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Discussion in 'Digital Video' started by blaklaybul, Feb 5, 2008.
Im setting up a web page but I wish to know which video format I should use.
I'd recommend using MOVs and encoding them using the H.264 codec. Almost everyone has QuickTime on Windows since a majority of people on Windows also use iTunes, which includes QuickTime.
wmv, or mov
most people now own quicktime or flip for mac
Flash is probably the most universal and the easiest for people to "upgrade" if they have an out of date version.
If you use .wmv, then you have to use WMV 9 or older. Nothing on the Mac plays WMV 10 or WMV 11. There are certain groups of Mac users who have Flip4Mac installed, but I seriously doubt that they constitute a majority of Mac users. However, virtually every computer user can play .mpg out-of-the-box.
Flash would be the format to reach the widest cross platform audience, saying that I use H.264 but in terms of a wider audience for QT I'd choose MP4 - simply for webpage compatibility cross platform and certainly windows users tend not to update their software that often.
I know a few windows users who can't view the H.264 Quicktime files on my website.
And .wmv is a sin of webdesign!
Microsoft began endorsing it about three years ago when they discontinued their own version of WMP. I would think that more people are using it now.
I always prefer QuickTime.
Flash: almost universal compatibility and great quality
MPEG-1: universal compatibility, low quality
MPEG-2: poor compatibility, good quality
MPEG-4: moderate to good compatibility, good quality
h.264 (MPEG-4 variant): moderate compatibility, good quality
WMV: good compatibility, moderate to good quality
Most people on this forum know the history quite well. However, we are a teeny-tiny minority of Mac users.
Almost any tech help section of major websites that use WMV or WMA now encourage people to download Flip4Mac.
And what percentage of users go to tech websites? And of those, what percentage go there for video viewing issues?
No, you're misreading my statement. Please look at it more closely.
I'm talking about the video tech support section of a video segment section of a website of any topic, not just tech websites.
EDIT: For example, CNN.com Live Video endorses Mac uses to download Flip4Mac. The linked page is what I'm referring to as the tech support section as it provides support and other information on how to get CNN.com Live to work properly.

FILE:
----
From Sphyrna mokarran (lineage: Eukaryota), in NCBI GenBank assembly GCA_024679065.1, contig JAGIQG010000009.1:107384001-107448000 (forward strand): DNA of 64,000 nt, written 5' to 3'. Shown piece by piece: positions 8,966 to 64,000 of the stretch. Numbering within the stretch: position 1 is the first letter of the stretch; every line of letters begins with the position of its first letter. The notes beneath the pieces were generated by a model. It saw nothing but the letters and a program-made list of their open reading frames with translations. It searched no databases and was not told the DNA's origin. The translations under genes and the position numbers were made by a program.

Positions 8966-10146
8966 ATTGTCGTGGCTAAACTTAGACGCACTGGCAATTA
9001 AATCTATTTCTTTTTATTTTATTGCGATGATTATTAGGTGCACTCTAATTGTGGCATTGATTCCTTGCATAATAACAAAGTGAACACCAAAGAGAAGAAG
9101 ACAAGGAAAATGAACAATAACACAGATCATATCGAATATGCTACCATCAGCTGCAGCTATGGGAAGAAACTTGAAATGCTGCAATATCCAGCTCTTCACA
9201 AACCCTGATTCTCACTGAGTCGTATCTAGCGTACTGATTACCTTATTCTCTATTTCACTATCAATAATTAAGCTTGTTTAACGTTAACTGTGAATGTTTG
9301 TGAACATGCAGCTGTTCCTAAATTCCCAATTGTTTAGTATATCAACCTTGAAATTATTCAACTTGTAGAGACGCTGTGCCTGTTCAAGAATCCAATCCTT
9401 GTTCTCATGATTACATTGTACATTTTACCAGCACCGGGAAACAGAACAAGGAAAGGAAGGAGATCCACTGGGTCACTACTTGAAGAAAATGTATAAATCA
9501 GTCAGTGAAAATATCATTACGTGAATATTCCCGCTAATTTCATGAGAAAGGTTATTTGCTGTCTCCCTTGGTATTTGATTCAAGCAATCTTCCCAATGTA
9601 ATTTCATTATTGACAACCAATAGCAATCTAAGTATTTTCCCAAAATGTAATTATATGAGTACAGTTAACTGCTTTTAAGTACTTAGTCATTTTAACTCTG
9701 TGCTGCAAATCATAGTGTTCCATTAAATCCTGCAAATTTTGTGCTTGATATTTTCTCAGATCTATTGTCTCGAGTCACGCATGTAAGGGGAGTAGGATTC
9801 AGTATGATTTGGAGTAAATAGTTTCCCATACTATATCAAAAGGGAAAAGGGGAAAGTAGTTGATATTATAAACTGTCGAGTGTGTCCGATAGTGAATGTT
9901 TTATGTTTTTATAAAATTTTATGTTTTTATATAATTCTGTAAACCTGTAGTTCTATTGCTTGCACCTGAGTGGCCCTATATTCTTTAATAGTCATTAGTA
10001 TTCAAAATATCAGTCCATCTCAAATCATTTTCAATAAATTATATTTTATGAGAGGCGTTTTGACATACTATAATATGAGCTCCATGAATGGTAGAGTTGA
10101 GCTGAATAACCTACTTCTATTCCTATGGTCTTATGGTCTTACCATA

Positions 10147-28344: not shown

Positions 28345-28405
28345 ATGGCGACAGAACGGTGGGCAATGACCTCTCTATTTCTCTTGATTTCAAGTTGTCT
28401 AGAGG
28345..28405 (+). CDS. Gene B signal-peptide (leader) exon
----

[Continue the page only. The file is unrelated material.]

Good for CNN.com. However, it is in the clear minority. The vast majority of websites that feature video only tell users which video format they are using, if that much. If their video doesn't play on your system, then you are SOL.
A lot of times, sites usually include links to download or upgrade the latest player.
what about .mov or .avi?
.mov/.avi says nothing about the encoding of the video in question. Those are just container formats, which can hold many streams of video and audio encoded in various formats.
.AVI is a decrepit VfW container that really needs to be taken out back and shot. It's definitely not a good choice for streaming media on a webpage, since it was never designed for that purpose.
.MOV is of course the QuickTime container, which is great as long as the person viewing your site has QuickTime installed. Some Windows users don't, but a lot do. The question of which video codec you should use within a QuickTime MOV is another question entirely (I'd encourage H.264).
.MP4 (with H.264 video and AAC audio) is probably a good bet. QuickTime can play it, and I believe Windows Media Player can as well (since Zune and the Xbox 360 support these formats).
Frankly though, MOST people have Flash installed, so a Flash video (.flv) would probably be the best way to go for the widest compatibility.
.wmv would be a bad idea. Flash or quicktime is the way to go.
And yes, I agree that the percentage of Mac users with Flip4Mac is probably way, way, wayyy lower than the percentage of Macrumors users who have it.
I would use either Flash 8 (VP6 codec) or Flash 9 Update 3 (H.264 codec). Although QuickTime (H.263 or H.264) runs beautiful on Mac, many folks still do not have it installed (or particularly beloved) on Windows PC.
I think it's a mistake to tag "poor/good/great quality" with any particular codec. Although efficiency of codecs play large role in outcome, it is more important to choose the right encoder and settings. If you want smallest possible file size at decent output quality, Flash 9 Update 3 (H.264) is probably the way to go. But most people have older version of Flash installed, so I would go with VP6.